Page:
**Introduction**

This blog will discuss the solution to the problem of Matchsticks to Square. Here we are given an array named Matchsticks[], and Matchsticks[i] is the length of the ith matchstick. We need to use all matchsticks to make one square. We should not break any matchsticks, but we may connect them, and each matchstick should only be used once.

If we can create this square, we will print Yes; otherwise, we will print No.

**Some Examples**

**Input**

`N=5, matchsticks[] = {1, 1, 1, 2, 1}`

**Output**

`Yes`

Explanation:

*We can form a square of length one by using all the 1s.*

**Input**

`N = 6, matchsticks[] = {3, 4, 4, 1, 2, 2}`

**Output**

`Yes`

Explanation:

*We can form a square of length four by combining two 2s for one side, and for another side, we will use one 1 and one 3, and the remaining two sides will be two 4s.*

**Backtracking Approach**

- We will first determine the length of each side of the square.
- Since we have to utilize all of the provided sticks, the perimeter length will equal the sum of all of the provided integers. We just return false if the total of all integers is not a multiple of four.
- Otherwise, if the total is a multiple of 4, we must verify whether we can divide the array into four sections, each of which has a sum equal to sum/4..., which is the length of each side of the square.
- We'll keep a boolean function in which we'll provide a visited array to see whether a certain element has previously been selected or not. If my current index element is not chosen, we'll call recursively, and if we follow that track and mark that index as visited, we'll get true. We shall unmark that index if that track returns false.

**Code in C++**

```
// C++ code for Matchsticks to square
#include <bits/stdc++.h>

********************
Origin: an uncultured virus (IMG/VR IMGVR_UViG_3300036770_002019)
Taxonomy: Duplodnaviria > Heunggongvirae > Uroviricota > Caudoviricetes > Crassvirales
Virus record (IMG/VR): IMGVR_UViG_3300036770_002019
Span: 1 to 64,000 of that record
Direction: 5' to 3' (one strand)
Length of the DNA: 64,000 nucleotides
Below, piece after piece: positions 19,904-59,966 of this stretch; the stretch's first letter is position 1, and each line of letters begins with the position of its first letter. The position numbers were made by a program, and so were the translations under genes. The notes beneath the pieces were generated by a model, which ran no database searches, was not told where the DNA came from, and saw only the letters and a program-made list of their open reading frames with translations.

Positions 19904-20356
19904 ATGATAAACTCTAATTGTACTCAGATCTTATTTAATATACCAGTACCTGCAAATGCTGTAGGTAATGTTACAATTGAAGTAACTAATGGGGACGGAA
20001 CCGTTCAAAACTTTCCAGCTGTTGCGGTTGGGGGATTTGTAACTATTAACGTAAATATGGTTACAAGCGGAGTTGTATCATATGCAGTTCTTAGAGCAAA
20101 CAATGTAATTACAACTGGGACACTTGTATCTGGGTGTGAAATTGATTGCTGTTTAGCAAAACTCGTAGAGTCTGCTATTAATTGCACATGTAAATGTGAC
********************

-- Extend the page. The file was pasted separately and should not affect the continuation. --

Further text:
using namespace std;
bool backtrack(vector<int> &matchsticks, vector<int> vis, int target, int sum, int i, int k)
{
// if k == 1 then we have found all the subsets
if (k == 1)
return true;
// we found one subset, now we will go to next one which is starting from sum=0
if (sum == target)
return backtrack(matchsticks, vis, target, 0, 0, k - 1);
for (int j = i; j < matchsticks.size(); j++)
{
// if we visited this index already or if sum + matchsticks[j] > target then we can't use it
if (vis[j] || sum + matchsticks[j] > target)
continue;
vis[j] = true;
if (backtrack(matchsticks, vis, target, sum + matchsticks[j], j + 1, k))
return true;
vis[j] = false;
}
return false;
}
bool makesquare(vector<int> &matchsticks)
{
vector<int> vis(matchsticks.size(), false);
int sum = 0;
for (auto x : matchsticks)
sum += x;
if (matchsticks.size() < 4 || sum % 4)
return false;
return backtrack(matchsticks, vis, sum / 4, 0, 0, 4);
}
// Driver Code
int main()
{
vector<int> matchsticks = {1, 4, 5, 5, 2, 3};
if (makesquare(matchsticks))
{
cout << "Yes" << endl;
}
else
{
cout << "No" << endl;
}
return 0;
}
```

**Input**

`matchsticks[] = {1, 4, 5, 5, 2, 3}`

**Output**

`Yes`

**Time Complexity**

The time complexity of the above algorithm is O(N*(2^N)).

At max 2^N combinations are formed during every recursive call. Therefore time complexity is O(N*(2^N)).

**Space Complexity**

The space complexity of the above algorithm is O(N).

For the recursive calls, the space complexity is computed by the amount of space occupied by the recursive call stacks. Here, the maximum depth of recursion is N, hence the space complexity is O(N).

Check out this problem - __Count Ways To Reach The Nth Stair __